When hunting for a new home, it’s important to consider all options.
After deciding on the type of home and price range, people need to determine if they’d rather buy something newly-built or previously-owned.
Each option has its benefits.

Here’s a look at factors to ponder when choosing between the new home or resale listing route:

Expenses after moving in
The condition of the materials in a previously-owned home depends on its age, wear and tear, and any upgrades the previous owner made prior to selling. 
New homes, on the other hand, are more of a sure thing. Just as the four walls are brand new, so are its specifications.
In general, new homes drastically decrease a buyer’s need to replace flooring, appliances, the furnace, and any other materials no longer making the grade. They also improve a house hunter’s chances of finding current finishes and paint colours, rather than needing a renovation to step out of the 1970s or 80s.

Peace of mind
If something significant happens to the home, it’s important to know there’s a safety net. Every home built in Alberta since February 2014 offers this advantage.
This is when the provincial government introduced the New Home Buyer Protection Act. This includes requiring the builder to provide proof of a warranty plan that covers, at minimum, one year for labour and materials, two years for distribution systems, five years for its building envelope, and 10 years for structural integrity.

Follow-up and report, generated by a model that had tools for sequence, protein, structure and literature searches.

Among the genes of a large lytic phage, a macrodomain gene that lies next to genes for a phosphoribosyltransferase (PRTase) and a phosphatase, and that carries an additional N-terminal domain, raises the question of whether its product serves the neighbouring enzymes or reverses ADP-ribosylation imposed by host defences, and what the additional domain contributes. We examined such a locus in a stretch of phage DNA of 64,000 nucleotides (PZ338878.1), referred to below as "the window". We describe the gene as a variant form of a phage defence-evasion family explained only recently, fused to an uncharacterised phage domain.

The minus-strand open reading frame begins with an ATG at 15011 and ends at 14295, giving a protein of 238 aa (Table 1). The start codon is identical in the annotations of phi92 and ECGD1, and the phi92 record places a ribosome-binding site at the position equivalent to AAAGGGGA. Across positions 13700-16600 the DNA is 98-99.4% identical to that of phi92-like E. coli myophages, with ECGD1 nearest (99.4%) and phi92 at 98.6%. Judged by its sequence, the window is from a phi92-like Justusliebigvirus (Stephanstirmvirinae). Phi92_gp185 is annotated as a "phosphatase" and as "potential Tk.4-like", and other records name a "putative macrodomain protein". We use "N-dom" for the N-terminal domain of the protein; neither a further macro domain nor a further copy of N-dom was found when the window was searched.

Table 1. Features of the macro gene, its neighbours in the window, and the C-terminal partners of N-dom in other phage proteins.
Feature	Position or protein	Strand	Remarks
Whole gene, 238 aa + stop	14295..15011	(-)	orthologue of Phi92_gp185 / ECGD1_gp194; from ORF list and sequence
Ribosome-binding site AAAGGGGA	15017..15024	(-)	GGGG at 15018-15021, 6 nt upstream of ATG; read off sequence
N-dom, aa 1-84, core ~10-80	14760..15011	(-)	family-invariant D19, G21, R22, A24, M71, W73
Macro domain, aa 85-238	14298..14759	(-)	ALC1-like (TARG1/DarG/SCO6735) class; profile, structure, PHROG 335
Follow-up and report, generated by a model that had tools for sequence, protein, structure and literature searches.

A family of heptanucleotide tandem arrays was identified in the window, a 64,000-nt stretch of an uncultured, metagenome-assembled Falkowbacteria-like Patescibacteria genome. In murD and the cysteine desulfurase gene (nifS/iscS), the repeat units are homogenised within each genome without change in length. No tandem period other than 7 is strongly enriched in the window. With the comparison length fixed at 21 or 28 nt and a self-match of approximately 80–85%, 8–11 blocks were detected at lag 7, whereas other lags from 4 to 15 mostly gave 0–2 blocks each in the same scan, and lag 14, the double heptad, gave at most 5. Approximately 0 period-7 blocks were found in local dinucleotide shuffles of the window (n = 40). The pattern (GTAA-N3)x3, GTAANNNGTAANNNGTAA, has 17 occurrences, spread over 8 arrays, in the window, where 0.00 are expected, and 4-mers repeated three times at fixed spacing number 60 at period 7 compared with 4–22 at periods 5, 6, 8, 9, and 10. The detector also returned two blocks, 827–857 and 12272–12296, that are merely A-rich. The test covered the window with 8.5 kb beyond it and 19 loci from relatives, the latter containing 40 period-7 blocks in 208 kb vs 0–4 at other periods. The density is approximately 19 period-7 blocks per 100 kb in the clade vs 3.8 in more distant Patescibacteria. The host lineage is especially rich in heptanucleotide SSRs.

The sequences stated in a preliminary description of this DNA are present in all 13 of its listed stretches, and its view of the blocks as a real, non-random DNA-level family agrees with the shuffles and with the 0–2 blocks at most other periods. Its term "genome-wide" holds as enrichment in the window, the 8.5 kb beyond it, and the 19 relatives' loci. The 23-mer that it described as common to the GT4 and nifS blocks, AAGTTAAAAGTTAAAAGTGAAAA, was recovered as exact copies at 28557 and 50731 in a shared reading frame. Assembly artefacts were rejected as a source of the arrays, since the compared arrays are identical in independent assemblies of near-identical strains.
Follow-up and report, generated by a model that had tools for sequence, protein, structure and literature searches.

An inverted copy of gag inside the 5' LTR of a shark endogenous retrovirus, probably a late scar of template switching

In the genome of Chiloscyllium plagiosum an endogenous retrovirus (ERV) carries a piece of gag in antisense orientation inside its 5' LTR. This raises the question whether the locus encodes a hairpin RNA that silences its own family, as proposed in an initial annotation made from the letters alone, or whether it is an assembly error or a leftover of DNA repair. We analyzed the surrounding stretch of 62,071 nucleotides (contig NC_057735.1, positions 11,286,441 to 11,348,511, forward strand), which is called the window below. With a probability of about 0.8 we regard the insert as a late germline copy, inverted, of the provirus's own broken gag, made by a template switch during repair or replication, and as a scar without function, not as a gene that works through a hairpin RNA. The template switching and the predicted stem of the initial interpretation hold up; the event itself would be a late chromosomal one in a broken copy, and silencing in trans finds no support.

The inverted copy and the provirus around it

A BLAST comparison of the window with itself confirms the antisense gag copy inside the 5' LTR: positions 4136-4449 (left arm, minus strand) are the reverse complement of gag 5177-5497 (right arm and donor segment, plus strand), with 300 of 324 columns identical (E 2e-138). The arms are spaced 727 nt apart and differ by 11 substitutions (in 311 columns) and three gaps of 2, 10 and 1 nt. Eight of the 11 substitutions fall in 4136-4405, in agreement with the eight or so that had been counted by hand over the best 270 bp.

The frame and foundation are the two main examples of what structural integrity refers to.

Use of space
With a newly-built home come current layout concepts.
As floor plan designs advance over the years, drafting departments are finding new ways to use every sliver of space in a home. This pours more square footage into prime areas like the kitchen and bedrooms, and less on oversized hallways. 
If enclosed spaces on the main floor is the preference, homes build in the 80s, 90s, and early 2000s are your best bet.
Buying new will likely mean fewer walls and a greater emphasis on bright and open-concept spaces.
There’s no need to jog down the hallway and around the corner to chat with a family member. In an open design, conversations can happen one room away.
 
Taking possession
Many factors play a role in timing a move. A buyer selling or ending the lease on their current home are among the biggest.
Buying a home through the resale market means the possession date needs to be negotiated with the seller who likely has a set of scheduling restrictions of their own.
Through a builder, things are more flexible.
When building from scratch, a buyer schedules their move-in after construction, which is usually about six to eight months later.
This gives them plenty of time to sell their existing home and not be rushed into taking less than what they are looking for.
The extended possession also gives first-time purchasers the chance to save money before moving out of their parents’ place or rental.
Builders also provide much quick move-ins with immediate possession homes or homes that are already under construction.
 
Location
People who need to live within a few blocks of downtown will likely find more options through MLS listings. But for a master-planned community with expansive parks and pathways, and architectural controls – which contribute to maintaining the value of homes in the community – there is an abundance of opportunity through the new home market.
 
Energy
Government regulations around the energy efficiency required for new homes change.
This means new homes are more likely to be equipped with sustainable features than older builds. Some builders today even exceed code minimums for energy efficiency.
Along with leaving a lighter environmental footprint, homes with greener features are known to provide substantial savings on monthly utility bills.